Interpretive Summary: Intake, ruminal fermentation parameters, and apparent total-tract digestibility by beef steers consuming Pensacola bahiagrass hay treated with calcium oxide
By: Francine M. Ciriaco, Darren D. Henry, Luara B. Canal, Pedro L. P. Fontes, G. Cliff Lamb, and Nicolas DiLorenzo
With the ever-growing desire to increase efficiency in beef cattle production, researchers have developed strategies such as treating poor-quality forages with chemicals to increase the digestibility of fiber fractions, consequently increasing their energy value for cattle feeding. Calcium oxide has been proposed as a replacement to more caustic chemicals used in the past (e.g., NaOH) and data indicate that it can promote similar and effective outcomes. The current study evaluated the effects of bahiagrass hay treated with calcium oxide on ruminal fermentation parameters, apparent total-tract digestibility of nutrients, and intake by beef steers consuming hay ad libitum as the sole ingredient in their diet. Additionally, in vitro organic matter digestibility was evaluated on the hay provided to steers to assess treatment effectiveness. Results indicated that steers consuming bahiagrass hay treated with calcium oxide had 1) increased pH and reduced volatile fatty acids concentrations in the rumen; 2) reduced or tendency for reduction on total-tract digestibility of fiber fractions; and 3) no effect on intake, all when compared with steers consuming untreated hay. In contrast, in vitro results indicated that organic matter digestibility was increased when the forage was treated with calcium oxide.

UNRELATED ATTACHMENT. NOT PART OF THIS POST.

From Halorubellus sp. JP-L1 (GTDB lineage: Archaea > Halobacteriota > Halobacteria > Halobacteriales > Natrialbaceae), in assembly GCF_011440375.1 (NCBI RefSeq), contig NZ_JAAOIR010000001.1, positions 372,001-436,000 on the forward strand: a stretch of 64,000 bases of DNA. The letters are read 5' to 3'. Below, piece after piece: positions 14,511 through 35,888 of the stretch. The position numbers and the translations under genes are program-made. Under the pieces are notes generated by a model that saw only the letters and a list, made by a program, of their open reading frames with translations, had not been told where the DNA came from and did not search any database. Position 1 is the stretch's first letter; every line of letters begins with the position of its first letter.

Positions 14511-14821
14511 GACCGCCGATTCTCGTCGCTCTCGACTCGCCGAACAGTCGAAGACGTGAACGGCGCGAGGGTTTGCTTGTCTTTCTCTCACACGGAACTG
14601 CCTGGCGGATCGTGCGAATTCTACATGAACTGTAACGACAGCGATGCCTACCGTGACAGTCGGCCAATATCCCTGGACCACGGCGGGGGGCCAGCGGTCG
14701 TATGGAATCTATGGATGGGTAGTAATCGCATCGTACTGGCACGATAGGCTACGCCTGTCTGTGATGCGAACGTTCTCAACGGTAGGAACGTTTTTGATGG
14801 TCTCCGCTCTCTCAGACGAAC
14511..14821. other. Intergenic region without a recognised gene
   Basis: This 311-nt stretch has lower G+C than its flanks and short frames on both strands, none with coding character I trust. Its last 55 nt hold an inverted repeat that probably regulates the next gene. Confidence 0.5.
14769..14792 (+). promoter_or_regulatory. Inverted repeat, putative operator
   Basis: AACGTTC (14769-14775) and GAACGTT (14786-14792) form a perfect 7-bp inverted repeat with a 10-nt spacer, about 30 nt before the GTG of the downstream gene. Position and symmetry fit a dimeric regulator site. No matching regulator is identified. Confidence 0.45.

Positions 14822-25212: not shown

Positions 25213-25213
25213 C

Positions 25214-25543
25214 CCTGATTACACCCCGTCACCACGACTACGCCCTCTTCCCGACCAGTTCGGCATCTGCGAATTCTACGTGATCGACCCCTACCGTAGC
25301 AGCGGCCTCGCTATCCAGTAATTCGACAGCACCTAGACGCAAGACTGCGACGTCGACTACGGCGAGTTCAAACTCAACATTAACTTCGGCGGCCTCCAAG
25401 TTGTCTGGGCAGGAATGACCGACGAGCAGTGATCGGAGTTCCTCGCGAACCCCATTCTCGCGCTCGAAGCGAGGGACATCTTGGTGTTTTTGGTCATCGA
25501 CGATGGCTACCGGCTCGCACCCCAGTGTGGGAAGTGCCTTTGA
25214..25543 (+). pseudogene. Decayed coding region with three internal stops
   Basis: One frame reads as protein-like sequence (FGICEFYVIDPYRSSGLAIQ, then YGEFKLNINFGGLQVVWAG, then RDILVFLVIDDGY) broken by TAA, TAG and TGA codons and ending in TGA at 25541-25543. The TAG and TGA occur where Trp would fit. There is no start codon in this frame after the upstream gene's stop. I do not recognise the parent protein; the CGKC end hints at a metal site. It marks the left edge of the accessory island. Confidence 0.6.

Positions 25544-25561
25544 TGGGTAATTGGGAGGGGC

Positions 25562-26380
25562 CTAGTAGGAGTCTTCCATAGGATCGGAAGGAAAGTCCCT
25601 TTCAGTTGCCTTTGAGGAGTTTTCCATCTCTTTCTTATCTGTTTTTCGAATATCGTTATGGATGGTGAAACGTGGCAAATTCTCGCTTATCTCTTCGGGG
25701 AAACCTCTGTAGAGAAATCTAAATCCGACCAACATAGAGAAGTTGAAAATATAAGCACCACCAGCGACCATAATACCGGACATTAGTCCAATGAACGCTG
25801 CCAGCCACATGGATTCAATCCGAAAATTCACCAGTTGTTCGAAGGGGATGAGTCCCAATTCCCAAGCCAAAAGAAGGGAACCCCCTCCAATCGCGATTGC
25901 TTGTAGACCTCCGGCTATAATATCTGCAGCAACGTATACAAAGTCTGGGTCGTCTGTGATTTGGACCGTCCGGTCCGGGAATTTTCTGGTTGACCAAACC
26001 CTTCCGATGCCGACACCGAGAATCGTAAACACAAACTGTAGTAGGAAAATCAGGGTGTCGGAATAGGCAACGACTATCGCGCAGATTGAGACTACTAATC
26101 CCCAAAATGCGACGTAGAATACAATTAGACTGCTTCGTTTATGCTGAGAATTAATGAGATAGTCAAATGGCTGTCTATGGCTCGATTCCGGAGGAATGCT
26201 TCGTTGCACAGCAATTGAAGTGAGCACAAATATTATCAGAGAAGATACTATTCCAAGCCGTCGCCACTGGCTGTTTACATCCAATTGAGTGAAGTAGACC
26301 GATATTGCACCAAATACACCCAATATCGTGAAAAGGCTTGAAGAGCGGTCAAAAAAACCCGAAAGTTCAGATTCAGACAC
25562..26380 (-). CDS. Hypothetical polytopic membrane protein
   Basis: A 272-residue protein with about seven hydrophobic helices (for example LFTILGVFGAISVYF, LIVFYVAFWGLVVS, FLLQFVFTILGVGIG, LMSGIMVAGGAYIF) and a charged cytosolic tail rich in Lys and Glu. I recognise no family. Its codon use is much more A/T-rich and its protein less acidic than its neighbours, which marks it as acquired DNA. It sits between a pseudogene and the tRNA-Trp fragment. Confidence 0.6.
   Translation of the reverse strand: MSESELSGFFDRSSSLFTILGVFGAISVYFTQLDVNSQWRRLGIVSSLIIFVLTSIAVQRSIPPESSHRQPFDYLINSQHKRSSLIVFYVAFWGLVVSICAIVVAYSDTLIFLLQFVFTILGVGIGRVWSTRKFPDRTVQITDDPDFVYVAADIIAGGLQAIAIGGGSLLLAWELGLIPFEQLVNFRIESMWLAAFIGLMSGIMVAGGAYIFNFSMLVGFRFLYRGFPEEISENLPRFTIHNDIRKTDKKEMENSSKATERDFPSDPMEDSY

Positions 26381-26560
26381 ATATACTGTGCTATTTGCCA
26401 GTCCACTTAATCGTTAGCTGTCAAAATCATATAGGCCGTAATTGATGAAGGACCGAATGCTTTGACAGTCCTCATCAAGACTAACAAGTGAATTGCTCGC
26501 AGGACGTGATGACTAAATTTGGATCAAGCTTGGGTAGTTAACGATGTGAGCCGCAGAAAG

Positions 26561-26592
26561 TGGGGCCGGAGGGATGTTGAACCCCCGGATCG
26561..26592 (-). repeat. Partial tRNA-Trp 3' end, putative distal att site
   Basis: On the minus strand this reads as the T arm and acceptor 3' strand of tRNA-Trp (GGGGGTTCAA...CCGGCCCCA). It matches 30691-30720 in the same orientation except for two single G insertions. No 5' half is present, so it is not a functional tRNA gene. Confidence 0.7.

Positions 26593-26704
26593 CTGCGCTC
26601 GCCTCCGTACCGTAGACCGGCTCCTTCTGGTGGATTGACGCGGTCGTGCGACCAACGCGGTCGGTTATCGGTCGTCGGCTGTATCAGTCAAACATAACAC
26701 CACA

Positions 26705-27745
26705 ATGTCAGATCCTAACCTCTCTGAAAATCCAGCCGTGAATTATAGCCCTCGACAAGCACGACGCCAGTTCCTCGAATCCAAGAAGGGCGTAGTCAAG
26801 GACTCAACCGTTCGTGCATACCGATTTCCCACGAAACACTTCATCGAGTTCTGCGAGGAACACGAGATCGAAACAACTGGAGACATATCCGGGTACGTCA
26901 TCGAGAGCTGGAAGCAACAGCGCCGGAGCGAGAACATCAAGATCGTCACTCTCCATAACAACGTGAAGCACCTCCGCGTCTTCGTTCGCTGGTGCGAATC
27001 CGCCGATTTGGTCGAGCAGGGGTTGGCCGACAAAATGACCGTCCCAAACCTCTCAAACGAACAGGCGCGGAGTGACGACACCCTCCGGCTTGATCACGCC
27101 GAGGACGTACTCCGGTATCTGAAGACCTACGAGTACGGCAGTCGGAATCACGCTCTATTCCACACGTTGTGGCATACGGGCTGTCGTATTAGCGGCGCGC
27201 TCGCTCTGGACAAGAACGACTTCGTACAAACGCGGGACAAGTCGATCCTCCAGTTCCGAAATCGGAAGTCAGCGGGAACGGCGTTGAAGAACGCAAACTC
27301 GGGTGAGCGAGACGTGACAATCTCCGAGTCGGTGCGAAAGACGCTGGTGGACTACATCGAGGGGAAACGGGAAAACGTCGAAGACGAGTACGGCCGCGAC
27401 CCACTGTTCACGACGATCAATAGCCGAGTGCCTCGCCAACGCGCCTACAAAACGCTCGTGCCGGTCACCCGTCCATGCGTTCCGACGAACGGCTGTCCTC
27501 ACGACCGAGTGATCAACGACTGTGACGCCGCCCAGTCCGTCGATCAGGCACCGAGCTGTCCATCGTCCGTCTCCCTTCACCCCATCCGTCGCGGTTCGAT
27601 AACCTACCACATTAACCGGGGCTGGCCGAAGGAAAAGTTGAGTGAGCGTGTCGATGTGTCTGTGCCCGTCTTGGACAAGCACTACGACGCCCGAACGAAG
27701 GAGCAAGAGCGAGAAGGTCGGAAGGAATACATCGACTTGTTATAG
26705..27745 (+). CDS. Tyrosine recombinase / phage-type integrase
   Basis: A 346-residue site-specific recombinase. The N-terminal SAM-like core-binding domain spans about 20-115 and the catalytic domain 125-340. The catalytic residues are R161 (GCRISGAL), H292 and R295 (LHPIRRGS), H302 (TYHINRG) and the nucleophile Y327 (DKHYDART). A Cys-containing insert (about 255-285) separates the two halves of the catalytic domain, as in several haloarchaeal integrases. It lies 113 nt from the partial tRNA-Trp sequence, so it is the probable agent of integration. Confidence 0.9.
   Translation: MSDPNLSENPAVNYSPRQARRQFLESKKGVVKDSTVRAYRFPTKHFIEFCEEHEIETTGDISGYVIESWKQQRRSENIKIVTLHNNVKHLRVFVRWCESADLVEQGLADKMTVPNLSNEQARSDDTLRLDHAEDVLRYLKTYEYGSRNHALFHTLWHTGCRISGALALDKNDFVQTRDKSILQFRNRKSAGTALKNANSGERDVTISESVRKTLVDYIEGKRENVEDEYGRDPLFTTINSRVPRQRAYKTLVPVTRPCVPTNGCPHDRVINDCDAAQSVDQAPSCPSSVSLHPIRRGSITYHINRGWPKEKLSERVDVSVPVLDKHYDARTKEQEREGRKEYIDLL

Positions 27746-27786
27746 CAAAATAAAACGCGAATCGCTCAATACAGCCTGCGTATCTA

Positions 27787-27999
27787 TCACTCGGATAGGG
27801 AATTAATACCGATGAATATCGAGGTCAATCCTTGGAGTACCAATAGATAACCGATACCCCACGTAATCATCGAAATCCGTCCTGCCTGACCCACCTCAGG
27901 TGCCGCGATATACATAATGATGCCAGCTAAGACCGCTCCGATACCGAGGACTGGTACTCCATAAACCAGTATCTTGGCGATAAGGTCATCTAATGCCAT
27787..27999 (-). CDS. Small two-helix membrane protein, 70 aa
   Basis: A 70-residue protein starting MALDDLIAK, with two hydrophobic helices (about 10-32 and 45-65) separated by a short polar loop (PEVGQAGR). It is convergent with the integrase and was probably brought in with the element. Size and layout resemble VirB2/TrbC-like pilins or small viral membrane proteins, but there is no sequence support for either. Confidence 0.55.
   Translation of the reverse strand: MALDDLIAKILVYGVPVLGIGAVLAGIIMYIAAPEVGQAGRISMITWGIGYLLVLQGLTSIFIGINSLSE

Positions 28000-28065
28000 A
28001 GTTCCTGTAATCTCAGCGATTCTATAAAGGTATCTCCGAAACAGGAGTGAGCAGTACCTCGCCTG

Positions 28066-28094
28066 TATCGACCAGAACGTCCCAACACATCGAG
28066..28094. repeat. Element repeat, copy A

Read the full article on the Journal of Animal Science.